All that's the good news. What's the down-side? Well, an MAS search doesn't work EXACTLY like one of our regular computer searches. We're still puzzling all that out. So please be patient if our computer terminals display some unusual messages over the next several weeks about some new approaches for searching our records.

But that's life on the frontier. When you're blazing a trail to the promised land, you can't count on all the usual conveniences.

Wednesday, April 14, 1993

April 8, 1993 - Meeting room policy

Robert Heinlein, the late, great science fiction author, once described a "committee" as a form of life that had more than 4 legs - but no brain.

There's another perspective, as captured by the phrase, "Two heads are better than one."

How YOU feel about committees probably depends on which ones you've worked with, and whether they made you feel dumber, or smarter. But no matter what kind of committee that is, the odds are good that you've all shared a common problem: finding a place to meet.

The Douglas Public Library District understands that the library is an almost ideal place for committee gatherings. For one thing, we don't charge anything as long as you don't trash the place.

For another thing, surely everybody knows where you can find your local library.

For yet another, the library is probably the best location imaginable to find information about whatever subject drew your committee together in the first place.

Finally, the library is by definition a PUBLIC gathering place. If you're trying to stimulate interest in a subject, why not plunk yourself down in the middle of the intellectual shopping mall and see who wanders in?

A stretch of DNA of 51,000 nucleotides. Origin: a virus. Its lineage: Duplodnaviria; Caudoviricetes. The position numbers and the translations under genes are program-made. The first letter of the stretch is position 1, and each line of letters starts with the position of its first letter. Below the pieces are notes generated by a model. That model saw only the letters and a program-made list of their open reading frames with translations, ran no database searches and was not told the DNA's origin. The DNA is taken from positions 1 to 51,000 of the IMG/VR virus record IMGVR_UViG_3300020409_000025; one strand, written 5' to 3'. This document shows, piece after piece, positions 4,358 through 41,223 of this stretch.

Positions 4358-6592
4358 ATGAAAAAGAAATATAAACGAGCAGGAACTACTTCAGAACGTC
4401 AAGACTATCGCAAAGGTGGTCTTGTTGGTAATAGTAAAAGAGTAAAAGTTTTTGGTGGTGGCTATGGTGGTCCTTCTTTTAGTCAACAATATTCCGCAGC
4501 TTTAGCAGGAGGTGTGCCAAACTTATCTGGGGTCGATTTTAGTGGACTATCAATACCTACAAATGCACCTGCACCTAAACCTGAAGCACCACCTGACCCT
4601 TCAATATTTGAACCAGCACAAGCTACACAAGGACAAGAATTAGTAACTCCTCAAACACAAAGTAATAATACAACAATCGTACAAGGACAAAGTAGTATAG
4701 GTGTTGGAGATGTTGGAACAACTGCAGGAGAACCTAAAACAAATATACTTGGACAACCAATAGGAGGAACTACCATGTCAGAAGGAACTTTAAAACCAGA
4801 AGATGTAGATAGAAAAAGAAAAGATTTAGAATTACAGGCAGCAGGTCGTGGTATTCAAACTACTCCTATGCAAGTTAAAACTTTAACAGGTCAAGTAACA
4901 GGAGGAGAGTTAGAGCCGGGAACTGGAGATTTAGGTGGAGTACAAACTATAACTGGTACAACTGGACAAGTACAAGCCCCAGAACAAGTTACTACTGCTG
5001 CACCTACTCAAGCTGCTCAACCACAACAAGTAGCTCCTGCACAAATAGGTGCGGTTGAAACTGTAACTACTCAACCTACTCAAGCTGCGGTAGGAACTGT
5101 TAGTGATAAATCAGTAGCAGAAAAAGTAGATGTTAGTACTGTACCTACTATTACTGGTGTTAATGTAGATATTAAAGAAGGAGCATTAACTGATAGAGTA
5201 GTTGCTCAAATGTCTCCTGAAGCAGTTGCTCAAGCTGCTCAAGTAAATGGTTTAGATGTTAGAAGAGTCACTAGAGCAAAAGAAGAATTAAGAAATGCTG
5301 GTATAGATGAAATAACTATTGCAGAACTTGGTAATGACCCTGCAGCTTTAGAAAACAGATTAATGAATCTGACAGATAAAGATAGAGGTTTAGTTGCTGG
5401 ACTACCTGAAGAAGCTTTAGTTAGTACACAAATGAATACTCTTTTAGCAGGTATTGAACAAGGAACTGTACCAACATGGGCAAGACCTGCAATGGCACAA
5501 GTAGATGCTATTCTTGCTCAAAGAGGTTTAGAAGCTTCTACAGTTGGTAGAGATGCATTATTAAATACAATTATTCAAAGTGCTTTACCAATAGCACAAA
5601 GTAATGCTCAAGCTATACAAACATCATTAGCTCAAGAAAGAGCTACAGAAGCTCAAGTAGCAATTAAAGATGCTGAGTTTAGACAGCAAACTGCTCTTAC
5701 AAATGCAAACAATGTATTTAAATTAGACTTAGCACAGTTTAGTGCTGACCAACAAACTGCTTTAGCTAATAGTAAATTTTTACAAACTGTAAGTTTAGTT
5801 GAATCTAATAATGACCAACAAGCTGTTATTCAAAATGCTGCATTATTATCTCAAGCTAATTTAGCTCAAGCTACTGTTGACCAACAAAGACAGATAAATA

Recently, the Douglas Public Library District upgraded its meeting room at the Oakes Mill Library (in the Lone Tree development) to accommodate fairly large groups. The Philip S. Miller Library (in Castle Rock) also has a large meeting room. The Parker and Highlands Ranch Libraries have meeting rooms as well, although they are somewhat smaller.

To keep up with the times, the Library Trustees also updated their meeting room policy. So this seems like a good time to let people know about it.

The main thing to remember is that while we are delighted to be of use to the general public, just because we provide space to your group doesn't mean the library, the Trustees, or any of our staff members agree with or endorse your perspective or beliefs. (Of course, as anyone who ever served on a committee is aware -- your committee may not even KNOW what it believes. Even so, the library still may not agree with you.)

The second thing to understand is that anyone who meets at the library must agree to open their meetings to the general public. The library does not provide space for private, for-profit organizations. We won't host private birthday parties. You can't charge for attendance. The library is a public building -- the public and the press are always welcome.

After that, there are several other procedures that govern the use of our meeting rooms. Most of them are just common-sensical provisions. For instance:

~ All of our meeting rooms are reserved on a first-come, first- served basis.

~ Any group wanting to use the room has to fill out an application form. ~ The meeting rooms are available -- unless you have made special prior arrangements with the branch manager -- only during usual library hours. That's Monday through Thursday, 9-9; Friday and Saturday, 9-5; and Sunday, 1-5.

~ Groups wishing to meet on a regular basis throughout the year have to re-apply from time to time, as determined by the library branch manager. The idea here is to give newcomers a chance to gain access to library facilities.

~ Groups are responsible for setting things up themselves -- we won't arrange the room to suit you (although you're welcome to use whatever tables and chairs and other special equipment the library can make available).

~ We can't store materials for various groups.

~ You can't smoke in the library.

~ You can serve light refreshments, but you have to provide them yourself. The use of alcoholic beverages is prohibited, unless special permission is applied for and granted by the Library Board of Trustees.